1.2 $GOPATH and workspace


Go takes a unique approach to manage the code files with the introduction of a $GOPATH directory which contains all the go code in the machine. Note that this is different from the $GOROOT environment variable which states where go is installed on the machine. We have to define the $GOPATH variable before using the language, in *nix systems there is a file called .profile we need to append the below export statement to the file. The concept behind gopath is a novel one, where we can link to any go code at any instant of time without ambiguity.

Starting from go 1.8, the GOPATH environment variable now has a default value if it is unset. It defaults to $HOME/go on Unix and %USERPROFILE%/go on Windows.

In Unix-like systems, the variable should be used like this:

export GOPATH=${HOME}/mygo

In Windows, you need to create a new environment variable called GOPATH, then set its value to c:\mygo( This value depends on where your workspace is located )

It's OK to have more than one path (workspace) in $GOPATH, but remember that you have to use :(; in Windows) to break them up. At this point, go get will save the content to your first path in $GOPATH. It is highly recommended to not have multiples versions, the worst case is to create a folder by the name of your project right inside $GOPATH, it breaks everything that the creators were wishing to change in programming with the creation of go language because when you create a folder inside $GOPATH you will reference your packages as directly as , and this breaks all the applications which will import your package because the go get won't find your package. Please follow conventions, there is a reason conventions are created.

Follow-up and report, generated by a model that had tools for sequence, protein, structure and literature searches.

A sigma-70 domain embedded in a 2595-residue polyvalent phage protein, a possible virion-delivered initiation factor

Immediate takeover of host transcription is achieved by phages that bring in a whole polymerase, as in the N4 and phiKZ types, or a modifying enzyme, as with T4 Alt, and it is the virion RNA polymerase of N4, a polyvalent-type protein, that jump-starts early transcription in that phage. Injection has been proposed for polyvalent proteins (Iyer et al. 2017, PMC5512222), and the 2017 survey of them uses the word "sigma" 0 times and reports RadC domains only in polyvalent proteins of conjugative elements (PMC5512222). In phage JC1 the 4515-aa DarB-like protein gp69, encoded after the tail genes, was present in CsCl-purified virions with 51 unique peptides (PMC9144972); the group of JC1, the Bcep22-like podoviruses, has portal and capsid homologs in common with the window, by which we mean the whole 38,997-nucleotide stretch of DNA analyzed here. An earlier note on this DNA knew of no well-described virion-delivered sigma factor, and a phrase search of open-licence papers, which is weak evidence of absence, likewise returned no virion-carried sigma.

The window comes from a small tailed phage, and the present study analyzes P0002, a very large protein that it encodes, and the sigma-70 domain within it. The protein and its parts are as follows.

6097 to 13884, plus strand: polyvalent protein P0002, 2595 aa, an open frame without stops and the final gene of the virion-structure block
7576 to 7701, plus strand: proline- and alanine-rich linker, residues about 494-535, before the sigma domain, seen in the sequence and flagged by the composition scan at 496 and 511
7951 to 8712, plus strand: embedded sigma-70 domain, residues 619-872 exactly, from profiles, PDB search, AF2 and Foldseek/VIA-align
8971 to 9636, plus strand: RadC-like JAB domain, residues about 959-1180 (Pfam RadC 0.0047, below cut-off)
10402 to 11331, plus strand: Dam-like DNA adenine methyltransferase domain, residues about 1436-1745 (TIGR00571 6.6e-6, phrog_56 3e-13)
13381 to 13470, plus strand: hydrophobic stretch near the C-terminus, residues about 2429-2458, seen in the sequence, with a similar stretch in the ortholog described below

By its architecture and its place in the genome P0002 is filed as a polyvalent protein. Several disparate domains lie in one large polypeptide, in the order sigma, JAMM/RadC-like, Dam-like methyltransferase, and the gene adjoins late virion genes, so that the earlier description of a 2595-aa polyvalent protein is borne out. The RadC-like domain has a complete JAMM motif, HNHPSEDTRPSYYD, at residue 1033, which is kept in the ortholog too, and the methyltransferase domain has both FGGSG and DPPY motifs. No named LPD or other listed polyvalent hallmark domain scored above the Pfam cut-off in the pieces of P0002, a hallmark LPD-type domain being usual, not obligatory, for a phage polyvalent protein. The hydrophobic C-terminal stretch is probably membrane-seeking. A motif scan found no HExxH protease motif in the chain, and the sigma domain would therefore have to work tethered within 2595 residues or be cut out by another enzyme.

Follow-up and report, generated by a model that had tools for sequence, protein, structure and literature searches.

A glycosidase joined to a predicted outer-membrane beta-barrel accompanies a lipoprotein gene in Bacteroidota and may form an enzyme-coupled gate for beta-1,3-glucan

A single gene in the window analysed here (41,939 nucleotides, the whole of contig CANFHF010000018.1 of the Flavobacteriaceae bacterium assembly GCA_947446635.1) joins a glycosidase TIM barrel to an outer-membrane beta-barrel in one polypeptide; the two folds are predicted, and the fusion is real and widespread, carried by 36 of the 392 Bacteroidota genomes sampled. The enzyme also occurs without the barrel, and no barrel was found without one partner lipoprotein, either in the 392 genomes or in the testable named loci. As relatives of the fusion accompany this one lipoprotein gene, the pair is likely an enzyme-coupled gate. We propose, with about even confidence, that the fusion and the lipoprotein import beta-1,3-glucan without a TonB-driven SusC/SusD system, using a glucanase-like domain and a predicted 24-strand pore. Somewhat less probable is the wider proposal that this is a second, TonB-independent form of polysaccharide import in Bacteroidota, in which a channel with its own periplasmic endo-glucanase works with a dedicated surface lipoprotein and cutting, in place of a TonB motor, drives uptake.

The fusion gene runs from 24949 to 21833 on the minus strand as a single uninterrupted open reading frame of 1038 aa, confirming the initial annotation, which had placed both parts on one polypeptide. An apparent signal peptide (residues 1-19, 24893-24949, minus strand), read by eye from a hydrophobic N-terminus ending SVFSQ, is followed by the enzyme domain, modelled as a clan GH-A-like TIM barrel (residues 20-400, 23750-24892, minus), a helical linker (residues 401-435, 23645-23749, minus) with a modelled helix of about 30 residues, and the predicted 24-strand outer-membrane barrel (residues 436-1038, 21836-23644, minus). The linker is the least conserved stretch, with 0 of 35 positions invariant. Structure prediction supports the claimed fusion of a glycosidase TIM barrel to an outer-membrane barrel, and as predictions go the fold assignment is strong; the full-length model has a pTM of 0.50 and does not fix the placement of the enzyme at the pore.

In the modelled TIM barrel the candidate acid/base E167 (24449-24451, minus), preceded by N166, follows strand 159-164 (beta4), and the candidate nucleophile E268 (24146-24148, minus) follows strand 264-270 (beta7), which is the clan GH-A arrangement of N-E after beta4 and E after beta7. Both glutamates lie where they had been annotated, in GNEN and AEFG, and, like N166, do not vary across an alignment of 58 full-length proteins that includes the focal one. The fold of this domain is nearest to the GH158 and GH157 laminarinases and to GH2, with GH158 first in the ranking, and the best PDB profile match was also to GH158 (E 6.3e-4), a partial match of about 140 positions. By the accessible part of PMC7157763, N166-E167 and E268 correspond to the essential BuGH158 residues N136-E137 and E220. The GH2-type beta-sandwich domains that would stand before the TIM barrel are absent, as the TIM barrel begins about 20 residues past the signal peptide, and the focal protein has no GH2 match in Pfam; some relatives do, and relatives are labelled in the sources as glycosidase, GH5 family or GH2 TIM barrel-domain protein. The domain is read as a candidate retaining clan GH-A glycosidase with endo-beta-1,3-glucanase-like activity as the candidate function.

In $GOPATH, you must have three folders as follows:

  • src for source files whose suffix is .go, .c, .g, .s.
  • pkg for compiled files whose suffix is .a.
  • bin for executable files

In this book, I use mygo as my only path in $GOPATH.

Package directory

Create package source files and folders like $GOPATH/src/mymath/sqrt.go (mymath is the package name) ( Author uses mymath as his package name, and the same name for the folder that contains the package source files)

Every time you create a package, you should create a new folder in the src directory, with the notable exception of main, for which main folder creation is optional. Folder names are usually the same as the package that you are going to use. You can have multi-level directories if you want to. For example, if you create the directory $GOPATH/src/github.com/astaxie/beedb, then the package path would be github.com/astaxie/beedb. The package name will be the last directory in your path, which is beedb in this case.

Execute following commands. ( Now author goes back to talk examples )

cd $GOPATH/src
mkdir mymath

Create a new file called sqrt.go, type the following content to your file.

// Source code of $GOPATH/src/mymath/sqrt.go
package mymath

func Sqrt(x float64) float64 {
    z := 0.0
    for i := 0; i < 1000; i++ {